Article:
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From Products Liability Law Daily, July 14, 2015

NHTSA opens investigation into air bag inflators in 490,000 vehicles

By John Dumoulin

The National Highway Traffic Safety Administration’s Office of Defects Investigation (ODI) has opened an investigation into the potential for air bag inflator ruptures in approximately 420,000 model year 2002 Chrysler Town and Country vehicles and 70,000 model year 2004 Kia Optima vehicles. The air bag inflators in these vehicles were manufactured by ARC Automotive, Inc. The investigation is based on two alleged incidents, one involving a model year 2002 Chrysler Town and Country minivan and the other involving a model year 2004 Kia Optima. It is not known if there is a common root cause in these incidents. ODI is opening this investigation in order to collect all known facts from the involved suppliers and vehicle manufacturers (NHTSA ODI Investigation, No. PE15-027, July 13, 2015)

Problem description. ODI is aware of two incidents alleging a driver's side air bag inflator rupture in vehicles with inflators supplied by ARC Automotive. One was a complaint ODI received regarding a 2009 incident involving a model year 2002 Chrysler Town and Country minivan. The other incident was the subject of a lawsuit alleging driver side inflator rupture in a MY 2004 Kia Optima.

Background. In December 2014, ODI received a complaint of a 2009 incident involving a driver’s side air bag inflator rupture in a model year 2002 Chrysler Town and Country minivan. ODI contacted Fiat Chrysler Automobiles (FCA) and conducted a search for similar incidents and, based on information obtained from FCA and the results of the search, concluded that the 2009 incident was a single isolated event. In June 2015, Kia notified ODI of a lawsuit alleging driver side inflator rupture in a model year 2004 Kia Optima. An ODI investigation revealed that both the 2009 and 2014 incidents involved an inflator supplied by ARC Automotive, which manufactures inflators that other companies use in air bag modules that are then sold to vehicle manufacturers. The inflator in question is a hybrid design which relies on two distinct sources of energy. The ARC hybrid inflators are manufactured in both single-stage and dual-stage designs.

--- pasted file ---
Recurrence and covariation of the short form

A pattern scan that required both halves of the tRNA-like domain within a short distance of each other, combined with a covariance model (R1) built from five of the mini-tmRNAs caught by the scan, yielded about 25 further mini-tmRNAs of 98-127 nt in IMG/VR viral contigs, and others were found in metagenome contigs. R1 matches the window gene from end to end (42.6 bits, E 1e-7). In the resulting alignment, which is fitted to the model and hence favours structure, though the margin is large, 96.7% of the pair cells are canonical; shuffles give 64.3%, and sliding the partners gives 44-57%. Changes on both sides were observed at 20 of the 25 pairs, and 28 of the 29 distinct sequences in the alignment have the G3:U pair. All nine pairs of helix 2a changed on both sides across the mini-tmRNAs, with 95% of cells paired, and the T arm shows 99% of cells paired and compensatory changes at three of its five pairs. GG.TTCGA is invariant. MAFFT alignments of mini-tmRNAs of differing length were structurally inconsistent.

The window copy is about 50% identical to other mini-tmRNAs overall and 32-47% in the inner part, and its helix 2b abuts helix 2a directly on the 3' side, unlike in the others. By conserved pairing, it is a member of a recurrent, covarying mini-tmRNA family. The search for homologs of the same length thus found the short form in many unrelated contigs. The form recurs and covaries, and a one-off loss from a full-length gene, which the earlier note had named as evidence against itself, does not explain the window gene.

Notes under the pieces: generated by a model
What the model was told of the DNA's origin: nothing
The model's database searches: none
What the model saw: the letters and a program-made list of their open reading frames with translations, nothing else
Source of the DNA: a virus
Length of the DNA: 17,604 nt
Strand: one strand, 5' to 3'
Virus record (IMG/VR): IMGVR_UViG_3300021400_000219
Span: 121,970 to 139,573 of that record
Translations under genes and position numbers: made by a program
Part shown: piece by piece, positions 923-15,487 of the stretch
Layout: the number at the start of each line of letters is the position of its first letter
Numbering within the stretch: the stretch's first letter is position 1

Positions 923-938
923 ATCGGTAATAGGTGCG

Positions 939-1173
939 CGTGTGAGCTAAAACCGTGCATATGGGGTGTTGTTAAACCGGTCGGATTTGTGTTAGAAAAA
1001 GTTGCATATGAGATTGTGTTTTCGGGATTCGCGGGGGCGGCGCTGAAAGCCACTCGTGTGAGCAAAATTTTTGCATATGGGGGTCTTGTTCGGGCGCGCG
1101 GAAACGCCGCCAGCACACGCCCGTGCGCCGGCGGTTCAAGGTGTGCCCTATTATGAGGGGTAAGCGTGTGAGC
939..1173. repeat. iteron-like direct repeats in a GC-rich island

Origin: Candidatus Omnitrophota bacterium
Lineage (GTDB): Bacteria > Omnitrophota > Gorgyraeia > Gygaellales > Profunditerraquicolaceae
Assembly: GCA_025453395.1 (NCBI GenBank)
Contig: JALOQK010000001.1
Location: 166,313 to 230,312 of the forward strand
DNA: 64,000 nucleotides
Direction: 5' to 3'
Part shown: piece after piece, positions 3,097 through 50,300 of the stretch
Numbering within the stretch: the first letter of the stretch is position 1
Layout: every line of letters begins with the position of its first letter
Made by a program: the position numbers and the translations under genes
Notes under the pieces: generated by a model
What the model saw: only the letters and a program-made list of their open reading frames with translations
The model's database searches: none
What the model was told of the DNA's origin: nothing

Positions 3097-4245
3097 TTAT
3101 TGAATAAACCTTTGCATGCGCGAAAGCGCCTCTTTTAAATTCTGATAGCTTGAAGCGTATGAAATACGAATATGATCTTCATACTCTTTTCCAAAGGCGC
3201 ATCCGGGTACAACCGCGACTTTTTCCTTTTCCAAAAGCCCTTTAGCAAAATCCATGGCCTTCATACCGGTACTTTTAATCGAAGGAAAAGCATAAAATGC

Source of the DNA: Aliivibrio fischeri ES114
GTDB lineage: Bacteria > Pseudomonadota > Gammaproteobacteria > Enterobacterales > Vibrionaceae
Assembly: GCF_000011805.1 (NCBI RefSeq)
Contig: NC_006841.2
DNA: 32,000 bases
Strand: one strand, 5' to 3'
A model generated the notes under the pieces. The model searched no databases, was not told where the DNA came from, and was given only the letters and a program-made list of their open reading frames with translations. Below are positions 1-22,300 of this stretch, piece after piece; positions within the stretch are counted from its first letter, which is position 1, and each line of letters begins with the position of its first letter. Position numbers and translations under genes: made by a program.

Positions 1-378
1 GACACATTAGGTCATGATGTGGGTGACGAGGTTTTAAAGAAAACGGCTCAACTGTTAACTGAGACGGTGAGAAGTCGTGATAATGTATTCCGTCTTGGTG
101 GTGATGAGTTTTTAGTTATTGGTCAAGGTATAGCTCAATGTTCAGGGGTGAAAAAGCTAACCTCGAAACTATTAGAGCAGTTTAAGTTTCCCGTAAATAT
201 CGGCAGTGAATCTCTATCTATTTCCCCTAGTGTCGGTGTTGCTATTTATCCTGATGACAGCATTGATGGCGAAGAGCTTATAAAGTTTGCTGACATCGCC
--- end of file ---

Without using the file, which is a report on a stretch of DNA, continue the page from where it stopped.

Preliminary analysis. The incident involving the 2002 Chrysler Town and Country vehicle occurred in Ohio and involved an air bag module produced by Key Safety Systems that had a dual-stage ARC inflator. Preliminary analysis indicates that the exhaust path for the gas mixture used to inflate the air bag cushion may have been blocked by an object of indeterminate origin. This blockage appears to have caused high internal pressure and subsequent rupture of the inflator assembly. ODI’s present understanding is that this incident is the only known inflator rupture involving the ARC inflator in an FCA vehicle. The incident involving the 2004 Kia Optima vehicle occurred in New Mexico. The air bag module in question was manufactured by Delphi and had a single-stage ARC inflator. The root cause of the rupture is presently unknown. Presently, this is the only known incident involving the subject inflator in a Kia vehicle.

Companies: ARC Automotive, Inc.; Chrysler; FCA US LLC; Kia Motors Corp.; Key Safety Systems; Delphi Automotive PLC

MainStory: TopStory MotorVehiclesNews

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